Horror author Andy Davidson again re-visits the American South in his third novel, The Hollow Kind, a fable that blends southern gothic, folk, and Lovecraftian horror seamlessly. The story follows the rise and fall of one family’s legacy over several generations in exploring greed and what an unquenchable thirst for power can cost us.
The Hollow Kind is split between two timelines. In 1989, Nellie Gardner inherits her estranged grandfather, August Redfern’s, turpentine estate in Georgia. Nellie, who has been looking to escape her abusive marriage, seizes the opportunity to make a new start with her 11-year-old son, Max, in Georgia. When they arrive, however, Nellie discovers that Redfern Hill is little more than a derelict farmhouse sitting on a sprawling piece of wilderness.
Nellie’s timeline is interspersed with flashbacks to when August first inherited the land from his father-in-law in 1912. Over the next two decades, August builds himself a successful turpentine business and starts a family with his wife, Euphemia. The flashbacks reveal that it’s not just land that Redfern has inherited from his father-in-law but something else that lurks beneath the roots of Redfern Hill, something that demands sacrifice. It is this cosmic presence that ties Nellie and August’s lives together across space and time, demonstrating how the history of a place can shape the lives of those that live there.
As Nellie attempts to forge a new life for herself and her son, the malevolent presence — aptly named the Dweller — begins to make itself known; there is scratching in the walls, objects moving by themselves, and ghostly apparitions. In classic horror fashion, it is young Max that shoulders the brunt of the haunting first, suffering in silence while his mother remains unaware.
Refreshingly, Nellie catches on quickly, sparing us from having to watch another parent dismiss their child’s torment as an overactive imagination. For the most part, Nellie and Max are a team, albeit a dysfunctional one. They are not just haunted by the Dweller but also by the specter of Wade Gardner, Nellie’s abusive husband, as they grapple with the emotional and physical wounds he has left them with. Nellie’s relationship with her son is also held in contrast to her strained relationship with her newly-sober father.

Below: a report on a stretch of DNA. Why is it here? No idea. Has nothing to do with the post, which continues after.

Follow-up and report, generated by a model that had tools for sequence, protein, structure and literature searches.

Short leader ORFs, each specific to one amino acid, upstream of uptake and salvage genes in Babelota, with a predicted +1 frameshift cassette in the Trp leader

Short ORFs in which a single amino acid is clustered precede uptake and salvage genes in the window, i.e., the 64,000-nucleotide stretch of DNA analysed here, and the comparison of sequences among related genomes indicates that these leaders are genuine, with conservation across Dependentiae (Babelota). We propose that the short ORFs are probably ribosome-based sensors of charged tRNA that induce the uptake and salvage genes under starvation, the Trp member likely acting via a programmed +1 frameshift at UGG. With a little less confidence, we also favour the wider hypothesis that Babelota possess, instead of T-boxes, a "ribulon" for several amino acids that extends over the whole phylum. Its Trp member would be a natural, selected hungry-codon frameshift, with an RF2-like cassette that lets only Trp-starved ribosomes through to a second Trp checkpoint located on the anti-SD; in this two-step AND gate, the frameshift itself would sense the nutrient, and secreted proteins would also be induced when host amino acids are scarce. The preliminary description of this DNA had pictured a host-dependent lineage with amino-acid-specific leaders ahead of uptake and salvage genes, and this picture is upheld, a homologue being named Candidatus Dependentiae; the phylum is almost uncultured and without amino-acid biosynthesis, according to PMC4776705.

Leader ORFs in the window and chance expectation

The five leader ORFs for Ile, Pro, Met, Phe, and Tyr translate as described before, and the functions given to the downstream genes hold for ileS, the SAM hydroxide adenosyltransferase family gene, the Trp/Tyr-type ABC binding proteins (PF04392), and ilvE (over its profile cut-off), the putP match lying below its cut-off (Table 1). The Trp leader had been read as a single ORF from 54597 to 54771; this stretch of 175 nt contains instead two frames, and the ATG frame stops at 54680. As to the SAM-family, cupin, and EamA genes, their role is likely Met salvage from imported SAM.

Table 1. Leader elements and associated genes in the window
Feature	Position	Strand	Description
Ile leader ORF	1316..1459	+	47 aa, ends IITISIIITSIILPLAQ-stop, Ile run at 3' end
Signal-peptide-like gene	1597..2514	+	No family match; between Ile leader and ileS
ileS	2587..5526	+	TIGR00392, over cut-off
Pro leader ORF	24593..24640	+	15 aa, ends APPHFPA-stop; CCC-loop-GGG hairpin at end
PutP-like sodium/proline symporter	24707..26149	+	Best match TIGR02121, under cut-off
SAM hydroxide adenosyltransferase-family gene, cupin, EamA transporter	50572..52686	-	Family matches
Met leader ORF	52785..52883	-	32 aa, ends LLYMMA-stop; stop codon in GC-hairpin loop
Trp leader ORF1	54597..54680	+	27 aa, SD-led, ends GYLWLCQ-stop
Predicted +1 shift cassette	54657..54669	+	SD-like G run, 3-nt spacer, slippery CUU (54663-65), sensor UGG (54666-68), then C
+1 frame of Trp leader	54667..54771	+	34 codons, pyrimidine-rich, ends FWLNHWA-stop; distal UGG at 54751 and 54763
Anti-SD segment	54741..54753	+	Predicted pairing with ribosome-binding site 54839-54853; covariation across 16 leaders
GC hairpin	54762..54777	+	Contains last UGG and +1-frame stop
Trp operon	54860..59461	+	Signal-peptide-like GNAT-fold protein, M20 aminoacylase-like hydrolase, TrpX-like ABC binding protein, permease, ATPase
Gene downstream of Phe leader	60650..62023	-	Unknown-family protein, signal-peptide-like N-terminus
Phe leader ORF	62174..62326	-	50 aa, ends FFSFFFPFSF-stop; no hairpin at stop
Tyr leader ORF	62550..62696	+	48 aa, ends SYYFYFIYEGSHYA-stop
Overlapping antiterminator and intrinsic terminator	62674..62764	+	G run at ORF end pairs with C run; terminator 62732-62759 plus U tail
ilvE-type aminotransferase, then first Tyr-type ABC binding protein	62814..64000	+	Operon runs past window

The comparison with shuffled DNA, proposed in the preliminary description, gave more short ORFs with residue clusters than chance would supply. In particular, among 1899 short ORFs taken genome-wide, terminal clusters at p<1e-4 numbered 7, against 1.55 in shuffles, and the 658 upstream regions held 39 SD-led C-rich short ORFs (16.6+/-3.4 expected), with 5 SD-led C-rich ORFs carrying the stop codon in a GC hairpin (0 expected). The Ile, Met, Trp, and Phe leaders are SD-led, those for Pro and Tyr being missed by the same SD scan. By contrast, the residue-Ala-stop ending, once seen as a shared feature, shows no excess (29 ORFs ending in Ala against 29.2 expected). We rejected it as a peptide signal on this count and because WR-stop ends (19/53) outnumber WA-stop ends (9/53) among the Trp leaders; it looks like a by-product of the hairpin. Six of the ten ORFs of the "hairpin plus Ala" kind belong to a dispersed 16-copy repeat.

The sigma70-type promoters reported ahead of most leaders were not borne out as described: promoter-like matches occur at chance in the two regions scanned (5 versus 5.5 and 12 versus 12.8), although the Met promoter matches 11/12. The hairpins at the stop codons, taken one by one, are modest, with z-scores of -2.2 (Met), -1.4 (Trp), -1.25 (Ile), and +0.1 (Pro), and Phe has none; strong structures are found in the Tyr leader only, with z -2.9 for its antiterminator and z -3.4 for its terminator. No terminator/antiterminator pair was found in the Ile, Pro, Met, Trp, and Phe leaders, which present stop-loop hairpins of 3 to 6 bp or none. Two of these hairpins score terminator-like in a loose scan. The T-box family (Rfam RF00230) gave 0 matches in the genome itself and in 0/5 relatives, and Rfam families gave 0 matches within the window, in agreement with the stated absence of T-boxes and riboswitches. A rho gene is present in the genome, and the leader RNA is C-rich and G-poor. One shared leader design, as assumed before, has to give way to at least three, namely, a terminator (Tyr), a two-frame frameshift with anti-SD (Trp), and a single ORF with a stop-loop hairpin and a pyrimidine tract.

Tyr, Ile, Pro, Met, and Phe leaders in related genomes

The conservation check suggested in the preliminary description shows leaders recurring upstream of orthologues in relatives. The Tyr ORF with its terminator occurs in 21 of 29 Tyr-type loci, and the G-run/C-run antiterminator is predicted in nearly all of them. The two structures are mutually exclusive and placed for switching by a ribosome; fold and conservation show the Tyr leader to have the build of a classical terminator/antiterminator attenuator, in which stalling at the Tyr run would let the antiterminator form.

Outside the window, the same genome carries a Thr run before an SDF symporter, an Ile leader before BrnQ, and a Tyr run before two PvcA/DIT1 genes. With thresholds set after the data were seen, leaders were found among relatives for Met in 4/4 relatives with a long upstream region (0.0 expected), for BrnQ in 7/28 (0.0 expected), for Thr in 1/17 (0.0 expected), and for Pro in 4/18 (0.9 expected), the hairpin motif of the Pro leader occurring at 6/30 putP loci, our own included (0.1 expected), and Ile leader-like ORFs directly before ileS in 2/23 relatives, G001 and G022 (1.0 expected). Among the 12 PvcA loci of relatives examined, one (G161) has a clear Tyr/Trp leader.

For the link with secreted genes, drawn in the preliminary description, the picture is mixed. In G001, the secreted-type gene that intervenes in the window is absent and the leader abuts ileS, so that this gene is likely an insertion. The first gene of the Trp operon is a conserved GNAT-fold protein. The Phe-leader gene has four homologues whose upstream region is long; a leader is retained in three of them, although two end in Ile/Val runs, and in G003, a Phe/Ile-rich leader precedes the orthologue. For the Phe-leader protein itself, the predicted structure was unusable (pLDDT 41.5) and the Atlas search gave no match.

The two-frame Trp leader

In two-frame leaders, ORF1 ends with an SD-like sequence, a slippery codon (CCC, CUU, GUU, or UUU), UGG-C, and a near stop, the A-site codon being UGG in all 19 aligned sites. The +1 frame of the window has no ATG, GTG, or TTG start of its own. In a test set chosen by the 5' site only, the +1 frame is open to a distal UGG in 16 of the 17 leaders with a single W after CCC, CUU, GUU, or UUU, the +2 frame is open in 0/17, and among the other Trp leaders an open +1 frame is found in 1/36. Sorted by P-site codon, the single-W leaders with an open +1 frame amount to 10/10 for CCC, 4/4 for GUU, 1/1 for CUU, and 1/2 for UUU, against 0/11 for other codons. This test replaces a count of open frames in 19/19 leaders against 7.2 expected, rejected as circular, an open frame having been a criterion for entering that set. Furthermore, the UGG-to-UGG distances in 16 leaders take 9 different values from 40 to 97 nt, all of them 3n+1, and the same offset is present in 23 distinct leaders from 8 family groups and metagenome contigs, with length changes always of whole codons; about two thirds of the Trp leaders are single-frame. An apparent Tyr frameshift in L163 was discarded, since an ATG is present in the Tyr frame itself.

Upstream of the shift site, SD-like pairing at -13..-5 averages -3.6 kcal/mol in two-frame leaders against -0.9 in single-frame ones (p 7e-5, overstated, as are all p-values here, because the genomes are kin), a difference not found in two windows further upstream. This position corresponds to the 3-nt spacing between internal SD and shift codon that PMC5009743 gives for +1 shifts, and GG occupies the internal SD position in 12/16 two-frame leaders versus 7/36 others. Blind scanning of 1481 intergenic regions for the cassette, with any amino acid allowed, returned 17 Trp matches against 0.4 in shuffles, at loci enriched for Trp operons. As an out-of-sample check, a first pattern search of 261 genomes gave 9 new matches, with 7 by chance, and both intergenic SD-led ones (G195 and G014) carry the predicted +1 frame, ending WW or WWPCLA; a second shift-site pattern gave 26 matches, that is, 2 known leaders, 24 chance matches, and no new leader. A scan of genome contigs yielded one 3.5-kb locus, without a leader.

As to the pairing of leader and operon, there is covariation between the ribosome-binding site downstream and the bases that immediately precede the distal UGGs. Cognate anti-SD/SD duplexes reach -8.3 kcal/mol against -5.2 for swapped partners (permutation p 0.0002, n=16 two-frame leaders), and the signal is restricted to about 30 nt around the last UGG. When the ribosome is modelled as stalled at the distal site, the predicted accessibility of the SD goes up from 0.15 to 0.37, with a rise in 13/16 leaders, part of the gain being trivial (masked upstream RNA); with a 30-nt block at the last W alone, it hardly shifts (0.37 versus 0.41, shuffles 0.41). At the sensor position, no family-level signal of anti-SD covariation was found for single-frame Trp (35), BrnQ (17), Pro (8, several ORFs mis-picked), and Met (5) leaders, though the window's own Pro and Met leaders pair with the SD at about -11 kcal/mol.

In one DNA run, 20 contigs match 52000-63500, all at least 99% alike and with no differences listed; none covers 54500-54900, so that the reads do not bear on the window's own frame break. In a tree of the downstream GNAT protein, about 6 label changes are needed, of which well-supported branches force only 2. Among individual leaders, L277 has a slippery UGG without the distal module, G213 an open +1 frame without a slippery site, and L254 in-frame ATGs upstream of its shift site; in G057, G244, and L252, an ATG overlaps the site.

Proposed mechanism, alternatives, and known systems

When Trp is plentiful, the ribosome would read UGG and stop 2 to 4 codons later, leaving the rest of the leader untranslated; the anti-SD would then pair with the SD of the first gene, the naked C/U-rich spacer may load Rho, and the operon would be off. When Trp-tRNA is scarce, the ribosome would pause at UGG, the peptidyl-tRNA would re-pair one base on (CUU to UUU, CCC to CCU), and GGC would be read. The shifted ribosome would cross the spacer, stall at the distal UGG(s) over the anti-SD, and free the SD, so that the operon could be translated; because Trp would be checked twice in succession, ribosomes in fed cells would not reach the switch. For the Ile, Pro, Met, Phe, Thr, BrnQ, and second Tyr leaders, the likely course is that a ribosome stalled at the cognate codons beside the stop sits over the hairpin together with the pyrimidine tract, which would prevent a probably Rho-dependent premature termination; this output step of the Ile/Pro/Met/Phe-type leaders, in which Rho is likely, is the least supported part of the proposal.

At its core, this is what much of The Hollow Kind is about — family and the legacy of intergenerational trauma. The cosmic horror that has plagued the Redferns is a seeping, untreated wound of greed, guilt, and obsession. But this is not just a story about intergenerational trauma — it is also a story of intergenerational strength and the enduring nature of familial love. It is up to Nellie to roll up her sleeves and expunge the Dweller from the depths of Redfern Hill and break free from the cycle of violence that has long afflicted her family.
While Davidson doesn’t shy away from violence and body horror — there is ample grim and gory content to be had — he steers clear of gratuitous acts. Everything is mindfully executed, resulting in an unflinching yet honest exploration of violence, sacrifice, and healing. The emotional palette is varied, exploring trauma and violence, the infectious nature of greed and power, and the grief and devastation left in their wake.
The Hollow Kind has its fair share of tropes — unexpected inheriting property from an estranged family member, fathers who neglect their children after their wives have died, the English professor who sleeps with one of his students — but Davidson puts in the work to flesh each trope into fully realized characters and plot points. His keen eye for human interaction and the ability to inject specificity into day-to-day disputes ensures most characters are dynamic human beings. However, with such a large cast of characters, some dimensionality inevitably slips through the cracks.
The Hollow Kind‘s setting is as much a character as Nellie, Max, and August. During August Redfern’s chapters, the turpentine camp and distillery come to life with historical details. The prose evokes the physical presence of the property’s old pine forest, muddy creeks, and sagging, abandoned buildings during Nellie’s chapters.
Davidson’s descriptive yet staccato writing style helps balance The Hollow Kind‘s pace, so it never gets too far ahead of itself — somewhat of a rarity in the horror genre. The beginning crawls along because of the necessary backstory, but once it’s past, the dread builds slowly but steadily. The pacing remains nearly perfect until the end of The Hollow Kind, which ends abruptly. Compared to the time we spend with the rest of the story, the ending feels too quickly cut off.
A visceral story that weaves past and present together, The Hollow Kind is a well-crafted tale about secrets that refuse to stay hidden, the weight of past sins, and redemption. With atmospheric imagery, compelling characters, and a gripping premise, Davidson proves why horror is one of the most effective genres for exploring interpersonal conflict and the complicated nature of familial relationships.